“It seems accessible in a way other sports don’t… Curlers now are more fit than ever, but you still have people who make the Olympics who, yeah, they’ve got a bit of a belly, or they don’t really look like they spend that much time in the gym. They just kind of look like regular people.”

Adding to curling’s relatability, there are two real-life couples in the mixed doubles this year, and you can watch them bicker as they play. Norway’s girlfriend-and-boyfriend outfit Kristin Skaslien and Magnus Nedregotten admit to having heated arguments on the ice (she never sweeps for him, as far as I can tell from watching one of their games – you go, sister), whereas Russia’s wife-and-husband duo Anastasia Bryzgalova and Aleksandr Krushelnitckii have had their bronze medal tarnished by the latter’s suspected doping.

When a doping scandal reaches your sport, you know it’s made it.

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Traced back to 16th-century Scotland, the sport nicknamed the “Roaring Game” – because of the sound of rolling across ice – was played socially with stones on frozen ponds and lochs by farmers in winter, when no farming could be done.

Competitions between neighbouring communities began in the 18th century, when Rabbie Burns would play and even wrote some poetry about it, and Scots took the game across the country with the arrival of the railways. They later exported it to places as far as North America and New Zealand.

But it took until 2002 for the general public to notice curling in Britain. The Great British women curlers’ unexpected gold at the Winter Olympics in Salt Lake City transformed attitudes towards the sport – it was the first time Britain had won gold at the Winter Olympics since Torvill and Dean’s Bolero ice dance in 1984 at Sarajevo.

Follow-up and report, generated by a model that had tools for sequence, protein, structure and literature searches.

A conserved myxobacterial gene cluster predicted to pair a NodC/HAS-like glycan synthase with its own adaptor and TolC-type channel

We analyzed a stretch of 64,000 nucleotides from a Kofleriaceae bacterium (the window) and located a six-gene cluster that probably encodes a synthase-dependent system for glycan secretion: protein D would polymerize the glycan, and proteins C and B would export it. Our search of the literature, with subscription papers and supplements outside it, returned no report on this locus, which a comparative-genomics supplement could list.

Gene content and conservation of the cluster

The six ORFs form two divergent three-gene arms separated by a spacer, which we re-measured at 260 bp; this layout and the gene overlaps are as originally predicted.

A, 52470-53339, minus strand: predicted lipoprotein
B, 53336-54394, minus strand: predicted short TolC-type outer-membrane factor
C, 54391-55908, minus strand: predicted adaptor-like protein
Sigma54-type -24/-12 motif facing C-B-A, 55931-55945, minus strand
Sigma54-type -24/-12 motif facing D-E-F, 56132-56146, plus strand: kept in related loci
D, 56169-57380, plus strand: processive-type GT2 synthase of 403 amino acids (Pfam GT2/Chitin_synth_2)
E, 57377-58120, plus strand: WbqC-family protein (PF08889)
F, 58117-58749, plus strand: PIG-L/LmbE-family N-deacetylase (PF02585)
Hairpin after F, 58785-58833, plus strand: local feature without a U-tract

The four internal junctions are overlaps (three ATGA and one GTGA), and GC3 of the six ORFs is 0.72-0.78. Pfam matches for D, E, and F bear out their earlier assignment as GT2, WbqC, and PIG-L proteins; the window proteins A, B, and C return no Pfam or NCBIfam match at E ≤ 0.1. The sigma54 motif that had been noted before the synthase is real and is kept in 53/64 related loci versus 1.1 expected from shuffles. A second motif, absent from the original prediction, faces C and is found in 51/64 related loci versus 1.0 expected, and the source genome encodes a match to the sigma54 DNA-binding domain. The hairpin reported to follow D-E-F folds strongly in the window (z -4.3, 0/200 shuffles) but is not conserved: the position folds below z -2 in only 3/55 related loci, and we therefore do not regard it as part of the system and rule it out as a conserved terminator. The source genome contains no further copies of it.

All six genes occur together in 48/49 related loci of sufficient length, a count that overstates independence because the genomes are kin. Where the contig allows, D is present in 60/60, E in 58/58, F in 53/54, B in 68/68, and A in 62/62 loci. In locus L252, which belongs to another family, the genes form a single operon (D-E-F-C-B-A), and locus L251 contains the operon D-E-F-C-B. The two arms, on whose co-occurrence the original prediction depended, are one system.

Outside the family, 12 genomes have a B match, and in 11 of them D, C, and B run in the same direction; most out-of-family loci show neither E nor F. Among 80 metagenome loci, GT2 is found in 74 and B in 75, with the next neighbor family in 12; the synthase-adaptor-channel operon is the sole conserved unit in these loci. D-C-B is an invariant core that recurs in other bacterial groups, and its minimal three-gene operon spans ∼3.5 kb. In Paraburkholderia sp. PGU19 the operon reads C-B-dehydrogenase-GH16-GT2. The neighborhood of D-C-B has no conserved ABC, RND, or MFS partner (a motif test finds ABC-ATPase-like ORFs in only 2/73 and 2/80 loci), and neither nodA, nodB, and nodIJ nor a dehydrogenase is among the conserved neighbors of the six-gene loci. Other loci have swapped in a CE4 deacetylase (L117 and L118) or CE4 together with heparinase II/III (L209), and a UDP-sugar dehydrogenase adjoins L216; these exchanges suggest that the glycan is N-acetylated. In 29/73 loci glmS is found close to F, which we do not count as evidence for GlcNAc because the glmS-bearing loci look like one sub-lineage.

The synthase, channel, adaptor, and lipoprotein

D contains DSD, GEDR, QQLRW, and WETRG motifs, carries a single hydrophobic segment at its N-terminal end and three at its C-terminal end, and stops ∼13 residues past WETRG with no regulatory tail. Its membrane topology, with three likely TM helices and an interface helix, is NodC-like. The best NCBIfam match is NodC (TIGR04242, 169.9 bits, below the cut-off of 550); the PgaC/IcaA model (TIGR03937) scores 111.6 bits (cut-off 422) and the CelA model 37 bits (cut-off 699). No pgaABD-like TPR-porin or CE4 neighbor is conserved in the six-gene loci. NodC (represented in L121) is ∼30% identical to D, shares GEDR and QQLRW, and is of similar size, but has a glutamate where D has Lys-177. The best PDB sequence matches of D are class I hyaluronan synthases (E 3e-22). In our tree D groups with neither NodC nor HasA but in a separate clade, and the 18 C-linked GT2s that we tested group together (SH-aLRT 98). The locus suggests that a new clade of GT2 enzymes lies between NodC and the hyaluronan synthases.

“We used to get a lot of jokes about housewives with brooms”

An audience of 5.7 million people watched the tense final live on the BBC, when five previously unknown women from Scotland beat Switzerland with the final throw – since dubbed the “Stone of Destiny” – played by the skip, Rhona Martin.

“It definitely put curling on the map. We used to get wee write-ups in the back of the paper and that was it,” she tells me over the phone from her home in Ayrshire. “We used to get a lot of jokes about housewives with brooms, and curling your hair, whereas now people see it as a sport because they’re more knowledgeable about the game.”


Rhona Martin delivering the Stone of Destiny. Photo: Getty

A flag-waving crowd greeted her team when they landed in Heathrow – adoration they hadn’t been expecting. They received a congratulatory message from then Prime Minister Tony Blair (“You have captured the imagination of the whole of the UK”), appeared on everything from Lorraine Kelly’s sofa to Ready Steady Cook, were put up at Claridge’s and received MBEs from the Queen, and sat in the royal box at Wimbledon.

Curling fever didn’t last long, however. The women returned to full-time work or being full-time mothers. Talk of a Hollywood movie about their victory died. Two of the five endured intrusive news reports about their marriages breaking down, and Martin (now Howie after a subsequent marriage) was at one point a “single mother living on benefits”, as put by one of her agents.

This became known as the “Curse of the Curlers”, according to the Guardian. Indeed, Howie’s gold medal was stolen from the Dumfries Museum four years ago, never to be recovered.

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Has the curse on British curling finally been lifted?

Two dynasties of curling champions dominate Team GB this year: the Muirheads and the Smiths. Both are Scottish farming families from Perthshire, both have two or more siblings on the Olympic curling teams, and all the competitors are children of world champions: they grew up on farms about 40 miles apart, and were regulars at their local rink.

“We’re all super-competitive”

The only member of the men’s team who is neither Muirhead nor Smith, Kyle Waddell, comes from another Scottish curling dynasty: his grandfather Jimmy was European curling champion in 1979.

Eve Muirhead, skip of the women’s team, is the current queen of the dominant Muirhead dynasty. The three-time world medallist, now 27, was the youngest ever skip to win a Winter Olympic medal, when her team took bronze at Sochi in 2014. Her brothers Tom and Glen on the men’s team are making their Olympic debut.

The Muirheads’ father Gordon, a sheep farmer, is a world champion who competed at the 1992 Winter Olympics in Albertville, France. Eve was inspired to begin curling at the age of nine.


The Muirhead siblings on their farm. Photo: Getty